Management of malignant spinal cord compression across north-eastern Melbourne (#258)
Aims : The North-Eastern Melbourne Integrated Cancer Service (NEMICS) network has spinal surgery at one of its 4 public health services. We aimed to document the care pathway for malignant spinal cord compression (MSCC) and determine whether site of presentation impacted access to surgery.
Methods: Patients with MSCC during a 12 month period of 2011-2012 were identified from databases and retrospective review of patient records was conducted. Details of symptoms and functional status at presentation, the occurrence and timeliness of imaging, surgical and radiotherapy review and treatment, as well as patient outcomes were recorded. Patients with available data were then classified using scoring systems to identify surgical candidates: Rades (which predicts post-radiotherapy outcomes) and Tokuhashi (which predicts survival).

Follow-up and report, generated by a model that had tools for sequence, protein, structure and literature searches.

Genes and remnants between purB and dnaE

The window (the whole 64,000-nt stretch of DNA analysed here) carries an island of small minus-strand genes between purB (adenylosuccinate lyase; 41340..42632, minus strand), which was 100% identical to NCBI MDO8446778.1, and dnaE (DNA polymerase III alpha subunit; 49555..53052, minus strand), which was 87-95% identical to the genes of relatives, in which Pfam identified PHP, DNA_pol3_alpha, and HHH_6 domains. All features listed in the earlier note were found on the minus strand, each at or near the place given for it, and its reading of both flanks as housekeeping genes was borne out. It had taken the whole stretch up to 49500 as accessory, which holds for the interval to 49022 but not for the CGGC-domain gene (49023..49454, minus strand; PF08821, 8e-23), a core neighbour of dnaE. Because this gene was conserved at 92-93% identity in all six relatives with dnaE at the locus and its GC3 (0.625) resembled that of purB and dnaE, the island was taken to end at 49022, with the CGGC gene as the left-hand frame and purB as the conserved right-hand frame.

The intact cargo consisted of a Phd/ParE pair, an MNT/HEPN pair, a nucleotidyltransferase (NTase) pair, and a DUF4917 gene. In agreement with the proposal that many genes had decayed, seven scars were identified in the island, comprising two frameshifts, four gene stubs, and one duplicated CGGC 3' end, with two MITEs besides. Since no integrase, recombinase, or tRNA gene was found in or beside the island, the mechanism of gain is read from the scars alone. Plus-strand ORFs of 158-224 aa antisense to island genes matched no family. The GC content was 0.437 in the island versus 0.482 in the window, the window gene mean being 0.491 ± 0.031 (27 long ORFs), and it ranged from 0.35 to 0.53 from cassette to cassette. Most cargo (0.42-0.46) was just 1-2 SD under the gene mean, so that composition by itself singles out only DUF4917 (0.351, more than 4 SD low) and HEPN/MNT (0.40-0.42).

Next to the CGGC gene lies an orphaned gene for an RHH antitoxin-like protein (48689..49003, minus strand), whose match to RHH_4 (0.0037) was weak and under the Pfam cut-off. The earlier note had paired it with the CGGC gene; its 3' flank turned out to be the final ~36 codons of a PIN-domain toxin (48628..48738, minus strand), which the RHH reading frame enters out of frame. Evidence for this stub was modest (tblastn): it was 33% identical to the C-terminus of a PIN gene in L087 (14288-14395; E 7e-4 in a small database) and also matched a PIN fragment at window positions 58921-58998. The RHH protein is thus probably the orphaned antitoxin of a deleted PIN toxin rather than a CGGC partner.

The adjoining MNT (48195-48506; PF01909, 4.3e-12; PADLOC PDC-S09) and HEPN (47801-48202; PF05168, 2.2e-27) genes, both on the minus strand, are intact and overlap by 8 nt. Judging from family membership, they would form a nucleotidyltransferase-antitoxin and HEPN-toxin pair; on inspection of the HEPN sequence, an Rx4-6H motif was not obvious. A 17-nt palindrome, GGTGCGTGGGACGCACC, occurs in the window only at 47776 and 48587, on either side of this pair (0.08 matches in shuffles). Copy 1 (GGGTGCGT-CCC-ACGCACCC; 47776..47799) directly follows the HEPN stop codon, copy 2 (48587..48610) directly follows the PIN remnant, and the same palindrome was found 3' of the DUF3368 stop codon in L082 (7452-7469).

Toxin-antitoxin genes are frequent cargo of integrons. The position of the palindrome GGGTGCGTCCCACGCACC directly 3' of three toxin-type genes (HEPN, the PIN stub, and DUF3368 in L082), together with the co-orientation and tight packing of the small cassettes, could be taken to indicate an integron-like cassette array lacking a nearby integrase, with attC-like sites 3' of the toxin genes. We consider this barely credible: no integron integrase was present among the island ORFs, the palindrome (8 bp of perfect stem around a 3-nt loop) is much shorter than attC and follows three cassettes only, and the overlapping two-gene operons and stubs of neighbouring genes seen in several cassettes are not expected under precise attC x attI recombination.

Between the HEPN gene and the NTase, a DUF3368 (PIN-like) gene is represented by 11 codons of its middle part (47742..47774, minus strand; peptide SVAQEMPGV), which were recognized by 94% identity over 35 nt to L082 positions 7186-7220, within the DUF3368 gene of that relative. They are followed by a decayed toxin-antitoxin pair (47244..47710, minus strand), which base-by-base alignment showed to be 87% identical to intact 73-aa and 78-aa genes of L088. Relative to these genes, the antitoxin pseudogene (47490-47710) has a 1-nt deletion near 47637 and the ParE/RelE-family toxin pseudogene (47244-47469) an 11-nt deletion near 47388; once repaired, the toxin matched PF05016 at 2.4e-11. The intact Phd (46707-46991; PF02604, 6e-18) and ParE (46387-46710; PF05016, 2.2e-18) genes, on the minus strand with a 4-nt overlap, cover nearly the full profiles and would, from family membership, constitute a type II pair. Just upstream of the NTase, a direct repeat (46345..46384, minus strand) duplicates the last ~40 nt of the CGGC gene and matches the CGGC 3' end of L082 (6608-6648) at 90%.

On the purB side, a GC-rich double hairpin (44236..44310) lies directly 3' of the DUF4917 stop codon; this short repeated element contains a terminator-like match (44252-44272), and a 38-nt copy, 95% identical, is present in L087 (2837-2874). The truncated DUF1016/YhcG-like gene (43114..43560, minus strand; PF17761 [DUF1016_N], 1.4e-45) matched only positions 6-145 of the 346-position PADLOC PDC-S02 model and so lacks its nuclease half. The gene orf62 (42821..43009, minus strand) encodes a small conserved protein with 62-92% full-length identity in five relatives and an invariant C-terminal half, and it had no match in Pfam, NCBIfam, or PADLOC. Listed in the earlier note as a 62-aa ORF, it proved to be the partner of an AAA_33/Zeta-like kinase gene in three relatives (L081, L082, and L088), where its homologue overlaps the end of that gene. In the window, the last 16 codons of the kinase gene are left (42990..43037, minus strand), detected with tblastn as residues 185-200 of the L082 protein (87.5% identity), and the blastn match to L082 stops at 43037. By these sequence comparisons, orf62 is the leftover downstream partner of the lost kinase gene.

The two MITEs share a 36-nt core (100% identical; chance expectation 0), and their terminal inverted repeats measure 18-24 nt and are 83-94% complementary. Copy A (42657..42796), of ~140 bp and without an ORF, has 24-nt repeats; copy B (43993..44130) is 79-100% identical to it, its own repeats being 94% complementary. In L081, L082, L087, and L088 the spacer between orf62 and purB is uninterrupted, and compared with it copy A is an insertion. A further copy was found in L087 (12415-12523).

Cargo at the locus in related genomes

Results: 52 patients were audited. The proportion of MSCC managed with surgery varied (Site A (surgery site) 19/28 (68%), Site B 6/20 (30%) and Site C 2/4). Analysis of patients using key variables and scoring system data supported clinical decisions about referral to surgery. Demographics were similar across sites, however, Site B patients had poorer mobility and function at presentation. Delayed presentation was noted across all sites. Mean time from diagnosis to surgery was 4.15 days at Site A and 2.96 days for Site B patients referred to other sites for surgery.
Conclusions: Auditing variables impacting suitability for surgery informs analysis of MSCC pathway performance and equity of access to surgery. Applying scoring systems retrospectively may also assist in interpretation of data and directing service improvement activities.